Pinkwasher: (pink’-wah-sher) noun. A company or organization that claims to care about breast cancer by promoting a pink ribbon product, but at the same time produces, manufactures and/or sells products that are linked to the disease.
October is Breast Cancer Awareness Month, unleashing a tidal wave of pink products as brands show their solidarity (and raise money) for a life-saving cause: breast cancer research. But consumers and marketers alike are leery of so-called “pinkwashing.”
It’s the subject of filmmaker Lea Pool’s new documentary about the industry that has grown up around breast cancer, the rise of corporate involvement in fundraising and its deleterious effect on research into the disease: Pink Ribbons, Inc., which premiered at the recent Toronto International Film Festival.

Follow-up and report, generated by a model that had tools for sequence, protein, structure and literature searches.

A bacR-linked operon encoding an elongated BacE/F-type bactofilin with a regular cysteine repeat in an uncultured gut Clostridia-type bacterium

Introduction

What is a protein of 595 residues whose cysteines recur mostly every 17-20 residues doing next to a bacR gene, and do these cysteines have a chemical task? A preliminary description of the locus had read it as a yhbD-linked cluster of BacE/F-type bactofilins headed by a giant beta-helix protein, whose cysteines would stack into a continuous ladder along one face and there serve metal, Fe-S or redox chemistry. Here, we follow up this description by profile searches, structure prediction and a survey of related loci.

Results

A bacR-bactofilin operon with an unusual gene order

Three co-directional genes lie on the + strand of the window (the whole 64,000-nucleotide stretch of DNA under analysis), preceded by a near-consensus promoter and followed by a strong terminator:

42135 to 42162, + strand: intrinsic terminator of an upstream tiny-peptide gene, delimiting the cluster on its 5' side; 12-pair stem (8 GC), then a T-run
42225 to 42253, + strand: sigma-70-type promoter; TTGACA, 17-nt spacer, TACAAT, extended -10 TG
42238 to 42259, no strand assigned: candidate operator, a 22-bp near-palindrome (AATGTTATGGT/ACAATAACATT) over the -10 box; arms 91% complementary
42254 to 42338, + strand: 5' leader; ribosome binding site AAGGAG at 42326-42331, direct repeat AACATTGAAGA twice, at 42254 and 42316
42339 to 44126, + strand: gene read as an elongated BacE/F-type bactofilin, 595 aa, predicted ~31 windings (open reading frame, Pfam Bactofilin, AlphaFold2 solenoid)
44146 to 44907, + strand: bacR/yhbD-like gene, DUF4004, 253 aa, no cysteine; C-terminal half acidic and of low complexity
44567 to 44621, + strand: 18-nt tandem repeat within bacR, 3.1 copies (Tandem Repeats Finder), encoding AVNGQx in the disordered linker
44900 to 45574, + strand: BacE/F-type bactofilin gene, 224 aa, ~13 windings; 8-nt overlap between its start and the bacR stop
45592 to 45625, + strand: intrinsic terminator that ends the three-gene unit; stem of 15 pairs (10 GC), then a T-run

“What Pink Ribbons, Inc. questions is whether all these pink ribbons and marches and rallies are actually accomplishing anything at all, other than making people feel better because they think they’re marching for a cause,” writes Kim Voynar inMovie City News. via BrandChannel
Think Before You Pink™, a project of Breast Cancer Action, launched in 2002 in response to the growing concern about the number of pink ribbon products on the market. The campaign calls for more transparency and accountability by companies that take part in breast cancer fundraising, and encourages consumers to ask critical questions about pink ribbon promotions. Think Before You Pink